Wow, I'm not sure I follow exactly what you are doing. Different parts, recorded in different places at different levels, in different sounding rooms. And now trying to blend them together into one piece of music. That's a lofty goal. i agree with taking the time to volume automate. i wouldn't use any normalization or compression to deal with volume issues. Stick with the volume automation. I would only use compression on a mix buss to blend any transients. as mentioned earlier in this thread. This however is a great post as to the importance of pre planning prior to recording. This is one of those things you do once so you know never to do it again. again, if im understanding everything correctly. Good luck and please post it. would love to hear.
Yes, It's my biggest "engineering" task yet. I'll give you a quick example of what I'm up against.
4 vocal parts, lets call them Low, medium Low, Medium high and high, with 1 panning left, 2 centre and 1 Panning right.
Then, in some cases the parts will be center and not panned.
In some cases there will be an extra (5th) part.
Then, some of the multipart harmony's need to overlap another section of multipart harmonys, or be panned, or have the level played with.
.. and of course there is a main vocal, that during sections will make up one of the harmonys.
So to try to organise this into your standard 1 main Vox track and 4 harmony tracks just won't work, yeah? There's probably a few ways to divide this up in your DAW and manage.
Now, because I'm not a singer, the very very high parts are precarious (to say the least). When I nail one good take that's in time and in tune, it STAYS because statistically it's the best that's gonna come my my throat. I then have to deal with whatever this turns out to be. It may be soft or varying in volume; far from say the mid range parts where I can belt it out. Same problem for the low notes.
So now (or very soon) I'll have to try to manage all the above into some sort of system so I can get to the end, ... you know and win the race and collect all the gold.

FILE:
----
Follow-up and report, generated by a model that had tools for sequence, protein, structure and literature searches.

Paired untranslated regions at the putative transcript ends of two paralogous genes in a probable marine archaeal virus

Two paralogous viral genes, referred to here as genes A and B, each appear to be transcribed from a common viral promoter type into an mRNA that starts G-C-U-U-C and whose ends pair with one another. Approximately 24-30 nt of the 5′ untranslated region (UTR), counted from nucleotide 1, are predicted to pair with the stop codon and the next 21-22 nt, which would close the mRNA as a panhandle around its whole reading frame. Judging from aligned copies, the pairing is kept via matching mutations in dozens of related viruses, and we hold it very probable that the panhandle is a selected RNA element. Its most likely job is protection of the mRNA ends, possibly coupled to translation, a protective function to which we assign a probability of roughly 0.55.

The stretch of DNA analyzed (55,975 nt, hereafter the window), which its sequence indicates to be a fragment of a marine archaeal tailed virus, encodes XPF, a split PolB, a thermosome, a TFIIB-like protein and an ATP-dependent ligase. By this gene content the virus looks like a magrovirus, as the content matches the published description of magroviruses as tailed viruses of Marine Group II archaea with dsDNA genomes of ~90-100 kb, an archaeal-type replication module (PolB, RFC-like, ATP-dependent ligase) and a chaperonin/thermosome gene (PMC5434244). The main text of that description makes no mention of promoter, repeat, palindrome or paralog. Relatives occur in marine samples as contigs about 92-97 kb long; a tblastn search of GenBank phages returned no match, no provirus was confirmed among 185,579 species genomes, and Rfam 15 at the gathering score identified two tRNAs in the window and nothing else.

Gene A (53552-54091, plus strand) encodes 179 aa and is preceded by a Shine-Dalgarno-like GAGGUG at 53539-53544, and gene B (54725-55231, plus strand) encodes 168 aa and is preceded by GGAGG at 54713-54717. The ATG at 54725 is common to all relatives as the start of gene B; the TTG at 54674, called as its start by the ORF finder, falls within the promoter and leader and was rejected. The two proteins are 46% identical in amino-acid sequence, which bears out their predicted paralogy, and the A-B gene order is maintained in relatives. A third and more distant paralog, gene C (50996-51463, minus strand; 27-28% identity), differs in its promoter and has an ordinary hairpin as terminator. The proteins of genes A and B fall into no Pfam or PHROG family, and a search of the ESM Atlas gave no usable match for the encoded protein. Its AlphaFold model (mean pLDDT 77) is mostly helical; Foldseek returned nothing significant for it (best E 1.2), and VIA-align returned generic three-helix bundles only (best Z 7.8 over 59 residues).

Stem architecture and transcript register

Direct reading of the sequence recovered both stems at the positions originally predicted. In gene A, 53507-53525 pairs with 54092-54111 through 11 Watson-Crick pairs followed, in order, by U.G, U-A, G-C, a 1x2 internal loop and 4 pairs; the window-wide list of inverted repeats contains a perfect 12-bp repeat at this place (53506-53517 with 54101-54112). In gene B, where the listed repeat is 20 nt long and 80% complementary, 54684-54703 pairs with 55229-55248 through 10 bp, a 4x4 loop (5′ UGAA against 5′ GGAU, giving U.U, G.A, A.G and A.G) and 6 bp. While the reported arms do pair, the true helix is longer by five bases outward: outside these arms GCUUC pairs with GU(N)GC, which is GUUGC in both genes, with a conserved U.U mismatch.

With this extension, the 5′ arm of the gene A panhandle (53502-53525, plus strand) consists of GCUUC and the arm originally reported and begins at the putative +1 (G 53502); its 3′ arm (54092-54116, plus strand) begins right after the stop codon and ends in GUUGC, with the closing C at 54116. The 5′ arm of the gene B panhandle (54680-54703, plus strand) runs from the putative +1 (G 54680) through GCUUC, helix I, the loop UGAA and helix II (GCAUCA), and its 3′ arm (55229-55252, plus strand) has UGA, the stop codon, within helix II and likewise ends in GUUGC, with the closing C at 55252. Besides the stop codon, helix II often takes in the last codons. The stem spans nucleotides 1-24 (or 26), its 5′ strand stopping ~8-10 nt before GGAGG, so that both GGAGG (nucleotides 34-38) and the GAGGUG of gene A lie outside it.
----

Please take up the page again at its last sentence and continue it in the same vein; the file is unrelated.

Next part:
you know, the easiest thing to do, is to cut to the chase
do vocal rides, and if you have the ability to do automation (what modern DAW doesn't do volume automation) simply mix it.
An update on the big project.
i have now (finally) finished all vocal tracks. There are ... a lot. I'm having my first ever trouble with channel level - I'll explain.
With so many vocal tracks doing different things , I thought I'd double up on the uses yeah?
So I have one group of 5 part voices, double tracked - so 10 tracks. And these are sent to a single group track so eq/compression etc can be managed. (Sounding good btw).
But for another section of the song, I have 2 parts. So I thinks, why not just put these two parts in two of the 10 tracks (mentioned above)? Because (duh) the level of 10 voices singing is way more than the level of two voices singing. All of the group input/output levels set for your eq and compressor work for one section pof the song, but not another.
So I either go and reduce all of the 10-track levels to make it equal to the 2-track level, or vice verca. Or I just leave the 2 tracks where they are.
Again, resources are plenty so I can't see (at this stage anyway) why I shouln't just create extra tracks/groups and use them as necessary.
This is just one example of what I'm currenly sifting through and already I feel way out of control. Still, what's the worst that can happen - if it all get's too hard, I'll go back to a previous version and try again.
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